Over the past year, Canadian yogawear brand and erstwhile stock market darling Lululemon Athletica has often been cited as proof of the market opportunity in new-age fashion concepts which pick up on psychographic and attitudinal shifts -- i.e. that people are looking for more from their clothing than just functional and aesthetic utility. Some people, it is argued, want healthy, ethically conscious, and environmentally friendly feel-good benefits as well. Lululemon was delivering this in spades, while also benefiting from a lifestyle craze centred around Yoga, building a business of close to $150m in revenues.
However, the news all over the North American press this week was dramatically different. The New York Times published a damning article suggesting that Lululemon's claims about the seaweed content in one of its clothing lines were patently false. Through its seaweed content, the VitaSea line claims to reduce stress and provide anti-inflammatory, antibacterial, hydrating and detoxifying benefits to its wearers, but the New York Times' test showed no evidence of seaweed in Lululemon's clothing.
This sent Lululemon's stock price on a rollercoaster ride. Previously, Lululemon had been enjoying stellar stock performance, reaching $60 a share after an IPO price of $25 in July. Yesterday the stock closed at $41.50.
If Lululemon’s claim proves to be false, we believe this controversy could challenge its strong brand image, authenticity and loyal cult following, which could expose it to pricing risk, forcing it to incur marketing costs to restore its brand, and could put its aggressive retail expansion efforts at risk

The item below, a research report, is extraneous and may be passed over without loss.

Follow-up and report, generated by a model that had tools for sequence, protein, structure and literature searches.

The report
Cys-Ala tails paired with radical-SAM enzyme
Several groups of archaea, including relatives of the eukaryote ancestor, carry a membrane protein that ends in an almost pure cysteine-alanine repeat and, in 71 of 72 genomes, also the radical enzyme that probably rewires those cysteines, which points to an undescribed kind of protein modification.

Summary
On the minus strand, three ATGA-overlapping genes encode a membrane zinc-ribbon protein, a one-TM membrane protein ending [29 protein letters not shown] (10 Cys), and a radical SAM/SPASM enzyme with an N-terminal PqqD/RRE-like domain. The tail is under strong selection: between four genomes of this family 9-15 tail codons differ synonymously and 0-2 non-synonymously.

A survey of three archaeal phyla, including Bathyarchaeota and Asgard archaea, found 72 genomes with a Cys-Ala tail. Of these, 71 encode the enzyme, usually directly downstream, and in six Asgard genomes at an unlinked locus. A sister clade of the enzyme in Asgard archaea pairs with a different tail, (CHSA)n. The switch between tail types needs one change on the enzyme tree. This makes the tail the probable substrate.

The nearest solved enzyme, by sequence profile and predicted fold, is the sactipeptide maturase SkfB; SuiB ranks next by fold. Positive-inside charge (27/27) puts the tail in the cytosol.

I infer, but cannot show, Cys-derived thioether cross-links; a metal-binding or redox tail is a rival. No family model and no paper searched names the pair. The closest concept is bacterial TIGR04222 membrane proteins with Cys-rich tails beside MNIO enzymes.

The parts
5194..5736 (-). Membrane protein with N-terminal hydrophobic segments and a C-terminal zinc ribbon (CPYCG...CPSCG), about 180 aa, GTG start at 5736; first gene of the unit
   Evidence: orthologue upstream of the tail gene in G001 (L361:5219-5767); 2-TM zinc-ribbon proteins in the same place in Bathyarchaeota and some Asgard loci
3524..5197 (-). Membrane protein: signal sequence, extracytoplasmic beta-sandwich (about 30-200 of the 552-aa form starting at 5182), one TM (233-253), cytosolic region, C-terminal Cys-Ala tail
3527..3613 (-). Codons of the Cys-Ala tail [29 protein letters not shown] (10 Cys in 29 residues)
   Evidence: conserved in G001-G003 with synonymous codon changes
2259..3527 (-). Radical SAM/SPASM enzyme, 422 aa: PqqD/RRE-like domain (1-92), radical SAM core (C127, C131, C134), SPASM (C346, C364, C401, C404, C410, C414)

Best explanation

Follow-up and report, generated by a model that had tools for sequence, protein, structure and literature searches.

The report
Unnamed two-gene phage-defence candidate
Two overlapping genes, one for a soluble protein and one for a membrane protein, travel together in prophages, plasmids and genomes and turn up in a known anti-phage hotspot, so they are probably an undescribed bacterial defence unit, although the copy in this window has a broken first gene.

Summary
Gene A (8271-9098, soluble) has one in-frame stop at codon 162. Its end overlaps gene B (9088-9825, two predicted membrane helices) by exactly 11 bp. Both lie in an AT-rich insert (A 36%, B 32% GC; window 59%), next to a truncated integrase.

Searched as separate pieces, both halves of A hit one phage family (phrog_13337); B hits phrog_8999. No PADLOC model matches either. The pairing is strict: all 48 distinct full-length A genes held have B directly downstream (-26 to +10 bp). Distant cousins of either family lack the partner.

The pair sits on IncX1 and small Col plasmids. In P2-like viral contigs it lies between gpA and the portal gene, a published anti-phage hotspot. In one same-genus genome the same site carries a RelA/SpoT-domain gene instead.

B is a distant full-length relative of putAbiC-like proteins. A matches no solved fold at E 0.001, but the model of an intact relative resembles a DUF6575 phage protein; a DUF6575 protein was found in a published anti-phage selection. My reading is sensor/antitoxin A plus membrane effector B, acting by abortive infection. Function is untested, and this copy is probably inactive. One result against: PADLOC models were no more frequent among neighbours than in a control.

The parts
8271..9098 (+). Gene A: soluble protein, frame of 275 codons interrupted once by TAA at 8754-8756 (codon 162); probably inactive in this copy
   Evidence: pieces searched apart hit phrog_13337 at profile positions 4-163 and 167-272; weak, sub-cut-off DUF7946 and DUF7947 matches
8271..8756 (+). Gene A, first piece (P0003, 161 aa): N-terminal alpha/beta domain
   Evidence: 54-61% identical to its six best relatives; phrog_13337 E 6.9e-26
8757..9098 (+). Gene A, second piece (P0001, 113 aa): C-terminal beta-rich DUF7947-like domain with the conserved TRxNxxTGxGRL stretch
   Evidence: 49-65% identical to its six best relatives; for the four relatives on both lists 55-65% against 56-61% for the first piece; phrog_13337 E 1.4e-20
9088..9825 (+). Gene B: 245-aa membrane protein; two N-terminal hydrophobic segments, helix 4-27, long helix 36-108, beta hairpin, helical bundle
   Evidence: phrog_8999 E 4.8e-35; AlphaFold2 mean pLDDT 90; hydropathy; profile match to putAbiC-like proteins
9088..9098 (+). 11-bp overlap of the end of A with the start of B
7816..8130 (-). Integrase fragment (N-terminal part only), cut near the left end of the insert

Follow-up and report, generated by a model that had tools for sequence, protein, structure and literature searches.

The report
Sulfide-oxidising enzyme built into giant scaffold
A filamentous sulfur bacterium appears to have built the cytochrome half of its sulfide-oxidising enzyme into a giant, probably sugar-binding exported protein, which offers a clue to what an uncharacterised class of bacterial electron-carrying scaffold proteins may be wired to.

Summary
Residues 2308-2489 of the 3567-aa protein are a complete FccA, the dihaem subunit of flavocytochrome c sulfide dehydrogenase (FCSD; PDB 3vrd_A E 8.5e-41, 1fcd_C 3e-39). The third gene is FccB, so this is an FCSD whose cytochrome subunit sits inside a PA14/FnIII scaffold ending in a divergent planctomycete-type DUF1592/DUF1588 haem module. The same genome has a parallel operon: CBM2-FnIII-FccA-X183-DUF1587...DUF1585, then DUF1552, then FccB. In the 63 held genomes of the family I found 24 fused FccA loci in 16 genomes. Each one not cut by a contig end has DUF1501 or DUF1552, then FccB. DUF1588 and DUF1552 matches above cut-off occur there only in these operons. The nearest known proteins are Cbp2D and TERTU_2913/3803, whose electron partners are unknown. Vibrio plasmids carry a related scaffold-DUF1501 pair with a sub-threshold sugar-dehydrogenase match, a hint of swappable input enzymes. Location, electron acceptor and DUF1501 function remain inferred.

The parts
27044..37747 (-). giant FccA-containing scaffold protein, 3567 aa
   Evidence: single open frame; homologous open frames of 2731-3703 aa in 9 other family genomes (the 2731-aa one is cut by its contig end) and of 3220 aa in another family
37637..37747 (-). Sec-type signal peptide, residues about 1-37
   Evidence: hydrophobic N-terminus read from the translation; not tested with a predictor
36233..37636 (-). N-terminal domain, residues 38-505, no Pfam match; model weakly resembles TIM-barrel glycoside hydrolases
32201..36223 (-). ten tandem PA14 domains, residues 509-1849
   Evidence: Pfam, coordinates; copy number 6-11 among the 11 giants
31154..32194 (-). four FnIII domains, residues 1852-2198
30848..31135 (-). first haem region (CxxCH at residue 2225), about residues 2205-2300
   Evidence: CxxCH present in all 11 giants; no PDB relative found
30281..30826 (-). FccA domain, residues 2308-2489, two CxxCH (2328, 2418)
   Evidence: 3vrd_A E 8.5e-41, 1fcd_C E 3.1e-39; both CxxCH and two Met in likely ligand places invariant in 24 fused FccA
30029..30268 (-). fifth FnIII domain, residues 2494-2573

On the other hand, analysts at RBC Capital Markets believe that the primary reason for the cult brand's success is the fit of its clothes, not its fabric content (the VitaSea line makes up only 3% of sales):
We believe the attraction for customers shopping at Lululemon is the fit and comfort, and most importantly, how they look in their clothes. The garments’ form-flattering silhouettes will continue to drive customers, more so than any one particular fabric enhancement.
For a brand that has had a halo around it since its humble beginnings in Vancouver, this is a reality check of sorts. Moving into the public markets means being answerable to consumers and investors alike. Proving hard-to-quantify new-age benefits requires impeccable investor relations and corporate communications, especially because these concepts are new to analysts and it's still not clear what is the driving forces for the brand's success. Are the feel good benefits crucial to its success or are they just proverbial nice-to-have cherries on top.
Even if further tests prove that the company's claims about VitaSea are accurate, Lululemon can no longer pretend to be the innocent little company it used to be. All of the claims it makes about any of its products must be thoroughly tested and it must also have contingency plans and a PR and communications machine in place to deal with crises as they arise. The standards and explanations for its claims must be clearly set out so the company, consumers and investors are using the same measuring stick. Lululemon has been caught a little bit behind the 8-ball on this.
Another reality of the public markets is profiteering. A final twist to all of this is that it was a private investor that paid for the first test which questioned the claims of the VitaSea product and it was he who spurred the New York Times to do their own test and publish the results. This investor was hoping that the test results would send Lululemon's stock into a free-fall, enabling him to short-sell the stock and make a nice bundle of cash. Mission accomplished.